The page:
Marilee did the fabulous early 1960s makeup and hair (and lent me those awesome vintage earrings!), and I supplied my own clothes and vintage copy of the magazine. The playmate necklace (crystal pave bunny head) is a cheapie I got years ago on Ebay, the velvet dress is the olive green velvet Starlet Wiggle from the Vixen line by Micheline Pitt, and the shoes are my old reliable Christian Louboutin Piou-Piou patent stiletto pumps.
I was basically channeling one of my old Vampire: the Masquerade LARP characters, a dancer from Clan Toreador whom I named Lily after Lily Bart in Edith Wharton’s House of Mirth. Marilee did some very romantic Rachael-from-Blade-Runner-ish hair and makeup, and I wore one of my “Elisabeth” dressing gowns from Catherine D’Lish, a black lace bodysuit from Torrid, garter belt and stockings by What Katie Did, and a pair of signed Manolo Blahnik Campari pumps I got third-hand for like $35. Oh, and the fangs are one of two great custom pairs I got from Kaos Kustom Fangs.
I always tell people that my basic style descends from a combination of Bettie Page (e.g. the bangs), film costume designer Edith Head (e.g. bangs, Mexican and gypsy skirts), and artist Mary Blair. It’s an odd mix, but it begins to make sense if you know me fairly well and think on it for a few moments. You may be aware that my signature hair accessory is a black grosgrain ribbon, something I picked up years ago from photos of Blair. I’m also a huge fan of the colors and shapes she incorporated into her artwork and designs for everything from Disney films and theme park attractions (It’s a Small World!) to advertisements to fashion.
I wasn’t sure what to expect when Pinup Girl Clothing announced that they would be adapting some of Blair’s (non-Disney, of course) art to fabrics for a special “Magic of Mary Blair” collection, but I ended up ordering and enjoying several of the pieces. Most items from the collection are existing Pinup Girl Clothing staple pieces, like the popular gathered Jenny skirt and Ella dress, that feature commercial illustrations by Blair. Some of the art comes from textile prints (like the parasols) and others from things like advertisements (e.g. the kittens). They are all constructed from PUG’s favorite cotton sateen fabrics, which look and wear well in casual settings. Continue reading “Fashion & Style Influences: Mary Blair at Pinup Girl Clothing”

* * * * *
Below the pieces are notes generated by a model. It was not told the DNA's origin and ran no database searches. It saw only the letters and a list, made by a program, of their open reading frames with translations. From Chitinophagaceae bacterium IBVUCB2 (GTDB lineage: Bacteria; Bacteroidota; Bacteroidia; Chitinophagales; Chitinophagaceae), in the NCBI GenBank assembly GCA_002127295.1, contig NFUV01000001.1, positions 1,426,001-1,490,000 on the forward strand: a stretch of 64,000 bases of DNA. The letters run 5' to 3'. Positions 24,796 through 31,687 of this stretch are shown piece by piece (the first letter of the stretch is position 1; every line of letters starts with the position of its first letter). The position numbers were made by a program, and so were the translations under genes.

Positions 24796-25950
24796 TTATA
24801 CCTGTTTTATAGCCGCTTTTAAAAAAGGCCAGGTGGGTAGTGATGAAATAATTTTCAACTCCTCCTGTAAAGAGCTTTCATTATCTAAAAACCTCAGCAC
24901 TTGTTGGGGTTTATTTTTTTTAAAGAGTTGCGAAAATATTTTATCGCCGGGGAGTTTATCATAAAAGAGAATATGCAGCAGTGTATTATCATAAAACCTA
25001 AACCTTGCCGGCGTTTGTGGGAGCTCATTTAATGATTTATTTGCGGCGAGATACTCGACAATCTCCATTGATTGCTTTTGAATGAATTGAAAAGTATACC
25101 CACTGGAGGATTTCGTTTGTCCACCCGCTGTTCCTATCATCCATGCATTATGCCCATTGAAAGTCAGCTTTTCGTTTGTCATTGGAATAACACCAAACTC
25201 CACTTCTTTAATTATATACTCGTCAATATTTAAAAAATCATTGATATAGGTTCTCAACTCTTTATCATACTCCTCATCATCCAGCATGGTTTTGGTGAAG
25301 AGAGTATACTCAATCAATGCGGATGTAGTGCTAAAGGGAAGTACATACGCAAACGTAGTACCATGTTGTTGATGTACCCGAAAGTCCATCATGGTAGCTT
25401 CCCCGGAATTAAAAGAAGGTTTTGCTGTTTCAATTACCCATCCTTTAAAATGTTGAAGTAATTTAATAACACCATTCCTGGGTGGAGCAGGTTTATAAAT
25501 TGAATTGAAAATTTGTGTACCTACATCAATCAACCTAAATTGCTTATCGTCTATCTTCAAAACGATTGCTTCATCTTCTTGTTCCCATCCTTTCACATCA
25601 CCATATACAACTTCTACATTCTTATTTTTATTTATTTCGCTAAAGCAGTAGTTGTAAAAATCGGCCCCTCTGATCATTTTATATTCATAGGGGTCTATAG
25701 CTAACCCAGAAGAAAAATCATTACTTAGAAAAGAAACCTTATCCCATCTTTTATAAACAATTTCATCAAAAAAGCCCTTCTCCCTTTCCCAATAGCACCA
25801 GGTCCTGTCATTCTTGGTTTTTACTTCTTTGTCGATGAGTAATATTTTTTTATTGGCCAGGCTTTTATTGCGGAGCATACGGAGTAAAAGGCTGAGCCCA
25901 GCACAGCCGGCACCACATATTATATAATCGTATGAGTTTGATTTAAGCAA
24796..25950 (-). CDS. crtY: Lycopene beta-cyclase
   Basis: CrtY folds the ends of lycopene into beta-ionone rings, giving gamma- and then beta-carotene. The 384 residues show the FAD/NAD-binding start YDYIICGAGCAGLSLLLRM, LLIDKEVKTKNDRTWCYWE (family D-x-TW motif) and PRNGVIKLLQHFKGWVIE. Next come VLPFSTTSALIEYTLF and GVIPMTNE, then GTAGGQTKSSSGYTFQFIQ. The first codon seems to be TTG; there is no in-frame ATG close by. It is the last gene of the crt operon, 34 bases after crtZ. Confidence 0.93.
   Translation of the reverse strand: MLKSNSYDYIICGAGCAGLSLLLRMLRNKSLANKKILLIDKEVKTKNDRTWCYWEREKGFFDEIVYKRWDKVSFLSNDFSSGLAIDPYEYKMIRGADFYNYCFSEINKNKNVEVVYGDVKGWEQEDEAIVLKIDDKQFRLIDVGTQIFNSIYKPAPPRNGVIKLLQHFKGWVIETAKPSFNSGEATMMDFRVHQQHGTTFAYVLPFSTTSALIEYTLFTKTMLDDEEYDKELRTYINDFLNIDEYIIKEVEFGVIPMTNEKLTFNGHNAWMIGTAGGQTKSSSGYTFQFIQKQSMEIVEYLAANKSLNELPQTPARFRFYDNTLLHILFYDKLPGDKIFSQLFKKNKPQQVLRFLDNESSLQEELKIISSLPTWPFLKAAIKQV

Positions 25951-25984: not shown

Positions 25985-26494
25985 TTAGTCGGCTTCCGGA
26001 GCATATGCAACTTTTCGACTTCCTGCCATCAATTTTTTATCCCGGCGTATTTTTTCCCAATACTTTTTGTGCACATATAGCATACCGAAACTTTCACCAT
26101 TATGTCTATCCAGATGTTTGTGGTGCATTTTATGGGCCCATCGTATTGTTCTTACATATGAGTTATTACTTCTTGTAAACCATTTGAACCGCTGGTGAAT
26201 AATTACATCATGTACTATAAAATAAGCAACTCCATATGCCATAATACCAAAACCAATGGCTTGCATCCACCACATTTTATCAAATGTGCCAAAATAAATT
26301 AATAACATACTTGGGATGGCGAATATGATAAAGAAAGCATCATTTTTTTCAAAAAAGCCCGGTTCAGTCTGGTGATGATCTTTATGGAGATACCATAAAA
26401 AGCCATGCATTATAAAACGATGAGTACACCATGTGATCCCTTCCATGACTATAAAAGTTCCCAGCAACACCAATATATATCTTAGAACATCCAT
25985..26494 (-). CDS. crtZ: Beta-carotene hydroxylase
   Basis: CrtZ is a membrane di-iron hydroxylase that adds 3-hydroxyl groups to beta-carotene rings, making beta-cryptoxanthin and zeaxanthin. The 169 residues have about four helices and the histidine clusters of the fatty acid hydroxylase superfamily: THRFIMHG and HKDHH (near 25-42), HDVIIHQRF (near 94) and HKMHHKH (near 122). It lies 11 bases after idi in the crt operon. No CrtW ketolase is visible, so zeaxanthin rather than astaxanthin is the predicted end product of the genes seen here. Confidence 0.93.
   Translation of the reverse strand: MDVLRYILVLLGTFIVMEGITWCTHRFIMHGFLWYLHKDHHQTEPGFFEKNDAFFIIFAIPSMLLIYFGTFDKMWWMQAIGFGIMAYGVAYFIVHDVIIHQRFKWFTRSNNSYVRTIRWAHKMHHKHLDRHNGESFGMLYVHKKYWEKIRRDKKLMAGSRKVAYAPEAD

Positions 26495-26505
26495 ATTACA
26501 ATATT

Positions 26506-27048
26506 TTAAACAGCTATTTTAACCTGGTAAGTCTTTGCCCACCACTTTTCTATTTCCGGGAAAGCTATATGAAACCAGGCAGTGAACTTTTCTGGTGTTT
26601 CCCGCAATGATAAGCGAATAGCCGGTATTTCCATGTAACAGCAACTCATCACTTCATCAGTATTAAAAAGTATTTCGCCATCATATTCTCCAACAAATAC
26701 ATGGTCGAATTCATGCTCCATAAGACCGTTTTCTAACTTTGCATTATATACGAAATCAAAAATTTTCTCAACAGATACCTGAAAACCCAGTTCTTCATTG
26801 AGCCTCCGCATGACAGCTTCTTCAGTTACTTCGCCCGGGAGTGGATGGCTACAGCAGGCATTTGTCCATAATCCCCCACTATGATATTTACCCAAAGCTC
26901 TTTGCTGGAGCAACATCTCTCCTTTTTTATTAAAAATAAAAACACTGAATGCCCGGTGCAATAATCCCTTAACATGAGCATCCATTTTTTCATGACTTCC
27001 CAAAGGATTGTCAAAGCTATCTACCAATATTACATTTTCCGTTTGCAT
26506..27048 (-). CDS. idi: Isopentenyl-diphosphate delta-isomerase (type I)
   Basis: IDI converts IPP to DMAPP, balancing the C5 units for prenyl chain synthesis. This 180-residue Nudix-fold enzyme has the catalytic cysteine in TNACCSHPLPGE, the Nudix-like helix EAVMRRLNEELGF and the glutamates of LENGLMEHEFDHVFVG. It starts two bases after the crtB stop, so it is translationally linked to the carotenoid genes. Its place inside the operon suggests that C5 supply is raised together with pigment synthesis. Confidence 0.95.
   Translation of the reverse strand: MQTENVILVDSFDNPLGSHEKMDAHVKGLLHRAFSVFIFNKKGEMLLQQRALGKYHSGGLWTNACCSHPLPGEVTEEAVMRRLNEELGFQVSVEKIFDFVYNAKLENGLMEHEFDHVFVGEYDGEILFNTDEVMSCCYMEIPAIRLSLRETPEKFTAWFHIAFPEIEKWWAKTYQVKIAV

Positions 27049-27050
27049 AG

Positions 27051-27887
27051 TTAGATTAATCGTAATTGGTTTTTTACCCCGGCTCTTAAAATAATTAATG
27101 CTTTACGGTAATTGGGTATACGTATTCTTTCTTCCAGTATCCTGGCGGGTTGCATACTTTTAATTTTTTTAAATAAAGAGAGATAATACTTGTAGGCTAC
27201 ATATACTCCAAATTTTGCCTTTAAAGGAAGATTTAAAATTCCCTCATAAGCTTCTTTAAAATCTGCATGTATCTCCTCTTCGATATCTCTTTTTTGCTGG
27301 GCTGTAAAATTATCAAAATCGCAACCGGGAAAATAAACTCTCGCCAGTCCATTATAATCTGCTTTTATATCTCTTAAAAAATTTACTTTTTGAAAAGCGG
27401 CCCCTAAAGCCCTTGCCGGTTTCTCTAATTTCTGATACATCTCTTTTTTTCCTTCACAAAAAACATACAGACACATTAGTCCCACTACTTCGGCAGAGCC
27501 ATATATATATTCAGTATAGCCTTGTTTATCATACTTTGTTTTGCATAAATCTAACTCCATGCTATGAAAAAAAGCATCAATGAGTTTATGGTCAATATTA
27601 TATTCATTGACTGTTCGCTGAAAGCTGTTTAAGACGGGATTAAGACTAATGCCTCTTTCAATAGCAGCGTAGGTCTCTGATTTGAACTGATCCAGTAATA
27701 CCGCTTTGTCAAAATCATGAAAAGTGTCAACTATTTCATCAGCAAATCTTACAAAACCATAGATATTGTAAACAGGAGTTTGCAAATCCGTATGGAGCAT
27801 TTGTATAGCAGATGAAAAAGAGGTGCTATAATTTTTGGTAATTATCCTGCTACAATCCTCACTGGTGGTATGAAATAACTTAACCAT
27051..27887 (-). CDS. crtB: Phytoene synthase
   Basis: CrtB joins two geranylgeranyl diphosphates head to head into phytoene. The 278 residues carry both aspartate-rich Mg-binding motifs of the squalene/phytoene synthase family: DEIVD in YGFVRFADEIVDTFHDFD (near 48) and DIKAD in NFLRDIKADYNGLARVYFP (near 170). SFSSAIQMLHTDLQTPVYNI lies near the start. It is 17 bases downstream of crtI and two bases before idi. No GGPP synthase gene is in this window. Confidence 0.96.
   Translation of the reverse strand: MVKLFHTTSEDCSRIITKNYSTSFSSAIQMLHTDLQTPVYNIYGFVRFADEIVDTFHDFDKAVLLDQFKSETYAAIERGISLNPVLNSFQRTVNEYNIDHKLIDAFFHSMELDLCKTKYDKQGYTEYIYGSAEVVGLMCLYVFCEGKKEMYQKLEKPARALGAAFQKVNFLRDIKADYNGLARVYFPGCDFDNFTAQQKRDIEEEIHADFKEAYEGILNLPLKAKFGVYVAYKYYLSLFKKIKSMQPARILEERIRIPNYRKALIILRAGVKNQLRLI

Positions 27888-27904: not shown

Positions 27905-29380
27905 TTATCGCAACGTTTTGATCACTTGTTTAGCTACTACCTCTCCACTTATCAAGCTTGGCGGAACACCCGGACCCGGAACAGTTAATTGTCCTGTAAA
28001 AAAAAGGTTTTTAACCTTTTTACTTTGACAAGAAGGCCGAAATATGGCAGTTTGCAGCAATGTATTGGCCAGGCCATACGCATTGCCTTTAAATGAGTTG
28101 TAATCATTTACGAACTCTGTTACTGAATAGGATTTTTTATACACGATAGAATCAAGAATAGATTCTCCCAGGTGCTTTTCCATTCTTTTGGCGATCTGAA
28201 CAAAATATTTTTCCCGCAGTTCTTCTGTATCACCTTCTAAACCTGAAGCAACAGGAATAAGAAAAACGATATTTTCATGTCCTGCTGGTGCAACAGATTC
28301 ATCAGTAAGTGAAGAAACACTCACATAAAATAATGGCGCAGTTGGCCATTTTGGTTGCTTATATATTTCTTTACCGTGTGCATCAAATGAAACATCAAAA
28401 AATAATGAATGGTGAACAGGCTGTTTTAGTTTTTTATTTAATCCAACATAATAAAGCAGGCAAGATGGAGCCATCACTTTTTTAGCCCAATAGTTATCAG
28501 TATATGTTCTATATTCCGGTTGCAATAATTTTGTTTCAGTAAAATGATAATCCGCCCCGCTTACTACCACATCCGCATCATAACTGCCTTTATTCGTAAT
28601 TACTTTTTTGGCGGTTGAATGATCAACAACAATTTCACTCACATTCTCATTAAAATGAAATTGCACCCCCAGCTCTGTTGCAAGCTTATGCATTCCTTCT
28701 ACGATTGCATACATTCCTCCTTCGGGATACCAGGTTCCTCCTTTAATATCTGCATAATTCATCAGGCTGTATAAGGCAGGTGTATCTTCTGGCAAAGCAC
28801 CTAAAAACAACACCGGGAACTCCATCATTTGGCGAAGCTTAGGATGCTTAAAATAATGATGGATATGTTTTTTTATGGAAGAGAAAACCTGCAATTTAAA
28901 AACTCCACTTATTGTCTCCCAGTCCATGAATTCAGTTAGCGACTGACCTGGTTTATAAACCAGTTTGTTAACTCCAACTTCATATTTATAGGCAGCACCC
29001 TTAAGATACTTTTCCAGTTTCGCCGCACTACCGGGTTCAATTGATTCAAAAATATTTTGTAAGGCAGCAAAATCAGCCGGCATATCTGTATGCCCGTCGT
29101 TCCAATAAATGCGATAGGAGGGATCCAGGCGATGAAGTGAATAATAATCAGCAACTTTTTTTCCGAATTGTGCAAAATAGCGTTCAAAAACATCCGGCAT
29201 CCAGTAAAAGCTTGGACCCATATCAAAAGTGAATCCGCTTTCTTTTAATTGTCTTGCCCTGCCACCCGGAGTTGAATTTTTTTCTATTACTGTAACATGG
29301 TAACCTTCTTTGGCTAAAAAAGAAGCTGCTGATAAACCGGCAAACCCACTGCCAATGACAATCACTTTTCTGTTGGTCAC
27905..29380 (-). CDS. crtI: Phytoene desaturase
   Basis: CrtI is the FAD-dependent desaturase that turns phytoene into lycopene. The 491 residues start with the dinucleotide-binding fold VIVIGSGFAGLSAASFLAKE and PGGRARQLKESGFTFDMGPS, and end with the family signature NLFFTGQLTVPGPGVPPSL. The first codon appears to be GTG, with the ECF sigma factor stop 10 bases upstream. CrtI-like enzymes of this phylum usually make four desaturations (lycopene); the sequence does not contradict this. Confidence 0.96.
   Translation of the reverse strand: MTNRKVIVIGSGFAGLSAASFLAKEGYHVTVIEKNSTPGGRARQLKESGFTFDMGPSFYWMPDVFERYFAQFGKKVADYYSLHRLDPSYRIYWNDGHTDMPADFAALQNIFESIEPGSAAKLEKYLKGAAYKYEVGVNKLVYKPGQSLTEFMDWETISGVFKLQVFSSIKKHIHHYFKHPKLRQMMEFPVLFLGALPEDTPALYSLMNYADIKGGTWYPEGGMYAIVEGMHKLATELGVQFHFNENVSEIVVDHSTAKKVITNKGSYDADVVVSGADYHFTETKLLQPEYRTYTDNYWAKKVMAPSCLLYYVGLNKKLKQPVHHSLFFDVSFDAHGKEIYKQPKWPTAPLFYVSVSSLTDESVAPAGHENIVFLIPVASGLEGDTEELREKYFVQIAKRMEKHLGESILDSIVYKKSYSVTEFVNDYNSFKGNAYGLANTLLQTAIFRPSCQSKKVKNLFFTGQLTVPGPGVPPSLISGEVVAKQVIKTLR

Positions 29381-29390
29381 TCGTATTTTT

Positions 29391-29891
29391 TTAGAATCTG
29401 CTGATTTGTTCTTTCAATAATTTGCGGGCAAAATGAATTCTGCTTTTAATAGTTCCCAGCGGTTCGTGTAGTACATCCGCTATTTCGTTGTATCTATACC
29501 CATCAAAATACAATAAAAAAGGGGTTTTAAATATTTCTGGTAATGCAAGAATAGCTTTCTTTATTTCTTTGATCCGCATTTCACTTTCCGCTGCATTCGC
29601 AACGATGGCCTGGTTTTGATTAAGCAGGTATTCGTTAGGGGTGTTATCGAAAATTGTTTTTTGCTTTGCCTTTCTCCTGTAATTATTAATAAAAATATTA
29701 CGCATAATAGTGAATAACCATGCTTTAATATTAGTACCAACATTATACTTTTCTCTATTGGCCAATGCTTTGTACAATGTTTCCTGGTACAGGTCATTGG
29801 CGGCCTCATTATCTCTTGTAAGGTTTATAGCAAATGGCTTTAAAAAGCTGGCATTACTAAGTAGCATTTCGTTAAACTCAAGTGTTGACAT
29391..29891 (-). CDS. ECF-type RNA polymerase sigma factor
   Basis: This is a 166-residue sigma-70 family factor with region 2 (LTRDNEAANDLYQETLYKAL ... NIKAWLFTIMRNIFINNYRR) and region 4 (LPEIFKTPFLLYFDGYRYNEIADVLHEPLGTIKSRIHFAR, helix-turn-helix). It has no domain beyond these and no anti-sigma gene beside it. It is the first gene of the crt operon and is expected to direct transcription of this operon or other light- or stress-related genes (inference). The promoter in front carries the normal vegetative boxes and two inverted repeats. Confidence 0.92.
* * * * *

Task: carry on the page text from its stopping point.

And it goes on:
Not long ago I got a very pleasant note from the people who run Sin in Linen, a Seattle-based home textiles company inspired by vintage, pinup, rockabilly, punk, tattoo, gothic, and related aesthetics. Since 2004, owner Sandy Glaze has offered bedding, kitchen goods, and bathroom decor suiting a variety of alternative tastes.
From their main line, you can choose sheet sets, duvet covers, curtains, baby bedding, aprons, oven mitts, and other useful home items in a variety of exclusive fabrics. They kindly sent me one of their signature kitchen aprons and an oven mitt and potholder set in the mid-century modern-inspired “Atomic Dreams” print, a fabric specially designed for them by artist Ragnar of Ragnarama.
I just received a vintage 1950s suntop in deadstock condition, so naturally I had to wear it out right away. I wore it to tea with my philodendron-motif vintage Mexican skirt, huge lucite bracelets, and Vivien of Holloway 3-inch stretch belt!
The top is made of a slightly-stretchy black poplin, with a ruched back and buttons down the front. The seams are all pinked (zigzag cut edges) to keep them from fraying. This was how they finished seams in the days before prolific serging. Until about 1964, seam sergers weren’t common.
Very cute, but also cool on hot days like today. Yeah, leave it to us to pay to drink hot liquids on a 100F+ day!